• The client device 120 may be any type of computing system or device that can interact with the LBRS 100. Example devices include mobile devices (e.g., smart phones, feature phones, mobile phones, laptops, tablets), desktop computers, kiosk systems, and the like. The client device 120 includes logic 122 that is configured to interact with the LBRS 100, including a mobile device application (“an app”), a Web browser, or the like.
  • FIGS. 2A-2D are example user interface screens for a client device interacting with a location-based recommendation system according to an example embodiment. FIGS. 2A-2D depict user interface screens, such as may be displayed on the mobile device 120 as part of an app or other client logic.
  • FIGS. 2A and 2B illustrate similar location recommendation according to one embodiment. More particularly, FIG. 2A depicts a screen 200 that displays information about a place. In this example, the place is restaurant named “Daniels Broiler.” Daniels Broiler is a higher-end, steak and grill-oriented restaurant. The displayed screen 200 includes a control (e.g., button) 202 that, when selected by the user, causes the LBRS 100 to determine places that are similar or related to Daniels Broiler.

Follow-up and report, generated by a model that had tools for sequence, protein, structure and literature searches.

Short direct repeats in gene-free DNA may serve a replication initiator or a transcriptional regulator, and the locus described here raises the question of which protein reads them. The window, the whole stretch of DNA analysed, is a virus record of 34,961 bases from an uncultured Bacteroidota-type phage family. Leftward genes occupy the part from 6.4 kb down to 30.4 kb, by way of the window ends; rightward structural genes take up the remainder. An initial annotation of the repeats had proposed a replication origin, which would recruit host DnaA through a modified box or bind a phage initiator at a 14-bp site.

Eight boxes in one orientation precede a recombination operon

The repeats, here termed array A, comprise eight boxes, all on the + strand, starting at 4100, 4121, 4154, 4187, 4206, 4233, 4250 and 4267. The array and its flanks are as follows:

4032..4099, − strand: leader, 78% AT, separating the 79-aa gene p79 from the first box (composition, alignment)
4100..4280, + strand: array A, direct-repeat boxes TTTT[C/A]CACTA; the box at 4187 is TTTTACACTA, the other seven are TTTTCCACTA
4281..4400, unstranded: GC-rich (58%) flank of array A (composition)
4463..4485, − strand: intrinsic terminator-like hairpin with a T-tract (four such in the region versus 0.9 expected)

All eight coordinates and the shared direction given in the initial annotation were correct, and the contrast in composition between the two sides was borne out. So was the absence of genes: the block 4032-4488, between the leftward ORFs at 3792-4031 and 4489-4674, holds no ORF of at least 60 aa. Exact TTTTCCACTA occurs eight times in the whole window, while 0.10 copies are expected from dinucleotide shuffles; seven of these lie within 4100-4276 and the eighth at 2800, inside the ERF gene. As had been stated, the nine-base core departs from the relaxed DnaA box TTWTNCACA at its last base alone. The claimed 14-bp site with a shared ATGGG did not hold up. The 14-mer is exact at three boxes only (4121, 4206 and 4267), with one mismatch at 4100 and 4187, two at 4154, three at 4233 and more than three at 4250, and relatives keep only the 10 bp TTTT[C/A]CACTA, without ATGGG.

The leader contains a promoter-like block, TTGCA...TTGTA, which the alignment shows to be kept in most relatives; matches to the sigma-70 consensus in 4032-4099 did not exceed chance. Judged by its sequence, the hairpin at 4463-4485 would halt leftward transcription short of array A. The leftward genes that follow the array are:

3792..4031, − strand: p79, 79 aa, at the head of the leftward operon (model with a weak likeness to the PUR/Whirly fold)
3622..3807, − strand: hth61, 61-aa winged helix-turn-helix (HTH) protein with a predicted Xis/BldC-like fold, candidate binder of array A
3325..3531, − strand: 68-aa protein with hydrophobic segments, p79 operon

• FIG. 2B depicts a screen 210 that displays recommended places determined in response to a user selection of control 202 in FIG. 2A. The screen 210 includes indications of recommended other restaurants, including the Metropolitan Grill, the Capital Grille, Morton's Steakhouse, and the like. The depicted recommendations are all similar to Daniels Broiler. In particular, each of the recommended places is a higher-end restaurant that serves at least some food that is similar to that prepared by Daniels Broiler.